After the Chicago White Sox lost 4-1 to the Los Angeles Angels on Wednesday night, starting pitcher Michael Kopech told reporters, “Nobody is panicking. We know we are a good team and we can turn it around tomorrow if things go well. It’s frustrating, yeah, but I think we know what we are capable of.”
I believe I speak for the entire fanbase when I say that Kopech’s optimism is enviable.
The White Sox are currently 35-39 on the season with a run differential of -48.0. The team is third in the AL Central in the baseball standings, with World Series odds of +3000, and seven teams ahead of them for just three wild card slots. It’s a long way from the most horrific record in the MLB, but it is particularly disappointing when you consider how high the expectations of fans were going into the season.
I’ll be the first to admit that I bought into the offseason hype. I was telling all my Cubs-supporting friends that this was the year of the White Sox, singing the roster’s praises from my tower of blind optimism. It didn’t take too many games for me to settle down.
The 2022 season has been one drama after another, with a seemingly endless IL, angry fans chanting “Fire Tony!” from the stands, terrible baserunning, and bizarre batting orders leading off with players hitting below the Mendoza line.
Easy wins have been thrown away due to avoidable errors and bad calls — like the now-infamous intentional walking of Trea Turner on a 1-2 count — and it often feels like talented players are at the plate just trying to prove that they couldn’t hit water if they fell out of a boat.
Tony La Russa decided to intentionally walk Trea Turner on a 1-2 count with two outs, and then Max Muncy came up and hit a three run HR pic.twitter.com/uanxPJ1X1T
— MLB Errors (@mlberrors) June 9, 2022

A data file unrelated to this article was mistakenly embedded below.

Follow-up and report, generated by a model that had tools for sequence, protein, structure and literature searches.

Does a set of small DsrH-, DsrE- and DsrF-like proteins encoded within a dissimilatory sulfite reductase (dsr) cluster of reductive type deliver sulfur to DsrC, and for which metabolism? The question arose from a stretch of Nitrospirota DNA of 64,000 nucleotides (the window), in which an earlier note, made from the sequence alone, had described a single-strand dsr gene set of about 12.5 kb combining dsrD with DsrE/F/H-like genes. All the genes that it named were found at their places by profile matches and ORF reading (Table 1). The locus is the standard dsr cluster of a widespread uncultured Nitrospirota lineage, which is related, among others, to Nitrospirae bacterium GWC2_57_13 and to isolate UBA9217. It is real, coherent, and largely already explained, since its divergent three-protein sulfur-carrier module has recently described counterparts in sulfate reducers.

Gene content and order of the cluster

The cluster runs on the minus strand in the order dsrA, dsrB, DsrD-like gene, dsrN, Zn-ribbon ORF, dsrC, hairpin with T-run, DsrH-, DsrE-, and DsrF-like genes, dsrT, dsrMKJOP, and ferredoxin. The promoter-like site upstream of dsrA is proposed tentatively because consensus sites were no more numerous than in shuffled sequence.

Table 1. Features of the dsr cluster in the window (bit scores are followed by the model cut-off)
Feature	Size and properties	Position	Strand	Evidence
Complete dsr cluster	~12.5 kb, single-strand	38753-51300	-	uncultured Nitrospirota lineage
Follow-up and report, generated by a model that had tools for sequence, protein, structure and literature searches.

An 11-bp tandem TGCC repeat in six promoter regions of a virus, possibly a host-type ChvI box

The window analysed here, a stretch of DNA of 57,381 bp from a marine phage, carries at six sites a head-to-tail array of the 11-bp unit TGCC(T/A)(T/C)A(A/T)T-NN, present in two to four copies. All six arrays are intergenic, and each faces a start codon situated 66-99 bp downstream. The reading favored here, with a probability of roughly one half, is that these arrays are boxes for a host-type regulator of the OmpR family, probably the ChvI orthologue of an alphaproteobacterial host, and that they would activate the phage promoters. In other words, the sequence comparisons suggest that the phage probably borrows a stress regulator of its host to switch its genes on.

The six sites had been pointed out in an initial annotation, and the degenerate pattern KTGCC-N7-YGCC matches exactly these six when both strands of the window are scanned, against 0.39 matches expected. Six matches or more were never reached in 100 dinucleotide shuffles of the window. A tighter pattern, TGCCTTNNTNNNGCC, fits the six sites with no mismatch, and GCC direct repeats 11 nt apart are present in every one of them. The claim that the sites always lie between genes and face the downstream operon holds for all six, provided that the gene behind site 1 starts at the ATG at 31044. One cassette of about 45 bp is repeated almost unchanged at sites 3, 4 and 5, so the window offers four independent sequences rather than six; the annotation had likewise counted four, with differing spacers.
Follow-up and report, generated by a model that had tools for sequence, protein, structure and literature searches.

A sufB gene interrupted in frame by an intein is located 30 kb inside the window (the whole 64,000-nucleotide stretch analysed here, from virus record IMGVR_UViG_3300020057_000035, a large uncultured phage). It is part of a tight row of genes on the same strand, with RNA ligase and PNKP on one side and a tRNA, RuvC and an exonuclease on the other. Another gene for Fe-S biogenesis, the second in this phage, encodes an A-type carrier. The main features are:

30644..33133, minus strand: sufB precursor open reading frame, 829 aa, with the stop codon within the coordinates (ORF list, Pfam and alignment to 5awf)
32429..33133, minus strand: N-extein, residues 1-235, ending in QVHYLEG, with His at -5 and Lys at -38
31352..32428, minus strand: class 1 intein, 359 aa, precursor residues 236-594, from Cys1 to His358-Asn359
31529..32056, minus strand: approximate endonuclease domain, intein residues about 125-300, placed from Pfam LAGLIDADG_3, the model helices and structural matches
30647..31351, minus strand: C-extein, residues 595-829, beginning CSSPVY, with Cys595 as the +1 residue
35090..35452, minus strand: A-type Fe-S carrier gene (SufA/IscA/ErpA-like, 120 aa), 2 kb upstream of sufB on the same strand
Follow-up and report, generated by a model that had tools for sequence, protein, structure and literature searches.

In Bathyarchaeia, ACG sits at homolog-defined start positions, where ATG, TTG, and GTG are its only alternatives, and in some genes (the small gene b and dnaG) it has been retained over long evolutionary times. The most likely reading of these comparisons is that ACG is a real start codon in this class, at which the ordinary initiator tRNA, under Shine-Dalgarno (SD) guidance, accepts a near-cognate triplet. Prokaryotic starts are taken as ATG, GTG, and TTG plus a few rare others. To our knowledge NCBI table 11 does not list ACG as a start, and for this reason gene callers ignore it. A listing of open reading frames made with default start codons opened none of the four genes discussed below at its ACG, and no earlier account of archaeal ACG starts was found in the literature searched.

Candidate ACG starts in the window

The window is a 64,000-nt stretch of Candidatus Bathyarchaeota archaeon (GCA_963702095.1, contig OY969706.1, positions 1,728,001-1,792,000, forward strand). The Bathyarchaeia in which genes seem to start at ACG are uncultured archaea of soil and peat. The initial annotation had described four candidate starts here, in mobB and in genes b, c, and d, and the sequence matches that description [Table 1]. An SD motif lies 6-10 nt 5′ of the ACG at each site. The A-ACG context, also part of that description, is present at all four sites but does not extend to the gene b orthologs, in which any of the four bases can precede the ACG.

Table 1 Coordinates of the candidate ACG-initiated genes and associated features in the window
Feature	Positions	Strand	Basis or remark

The reality is that despite Kopech’s comments coming across as extremely overconfident considering the current situation, the team has in fact already proven that he isn’t entirely delusional.
The White Sox beat the Angels in an 11-4 upset on Tuesday and surprisingly bettered the Toronto Blue Jays in two out of three games in their series last week. The issue is that these wins seem to be more luck-based than anything else — rather than hope for the White Sox to perform well in any given game, fans have turned to simply hoping the opposing teams perform worse.
Where To From Here?
Considering we are now at the start of July, are the chances of a White Sox appearance in the 2022 postseason officially over?
I hate to sound like an eternal optimist, but not necessarily. With the Twins currently eight wins ahead, I think it’s a bit much to hope the South Siders come back and win the AL Central division, but most other teams are well within reach to battle for a wild card spot into the postseason.
This month is make or break. Until now, the White Sox offense has been inconsistent at best, without a single player on pace to hit 20 home runs. The team’s defense is in the bottom half of the league in fielding percentage and errors committed, with a team ERA in the bottom ten teams. So how do they turn it around?
What are the White Sox doing?
This is Tim Anderson's second error tonight, his ninth of the season (leading the league), and it kicked off a six-run comeback ninth inning and the Guardians tied it
And the very next pitch, they commit another error pic.twitter.com/76OvAbhewr
— MLB Errors (@mlberrors) May 10, 2022
If the White Sox want to stage an extremely impressive comeback to contend in the postseason, there is no longer room for error. From July 4 through July 24, the team will play 15 games against the two teams beating them in the AL Central Division — the Twins and Guardians.
This is crunch time.
It certainly doesn’t help that La Russa seems intent on making questionable in-game calls, but regardless, it’s time to go back to basics. Approaching the All-Star break, it would be great to see an aggressive strategy to trade for some left-handed hitters, but since that isn’t historically the White Sox’s style, it looks like it’s just up to the boys to turn it all around.
Speaking about his own underwhelming batting average, which is currently .193, utility player Leury García told MLB.com on June 29, “My body feels good. I feel good at the plate. I feel good with everything I’ve been doing. I just stink right now.”
I love a man with self-awareness.
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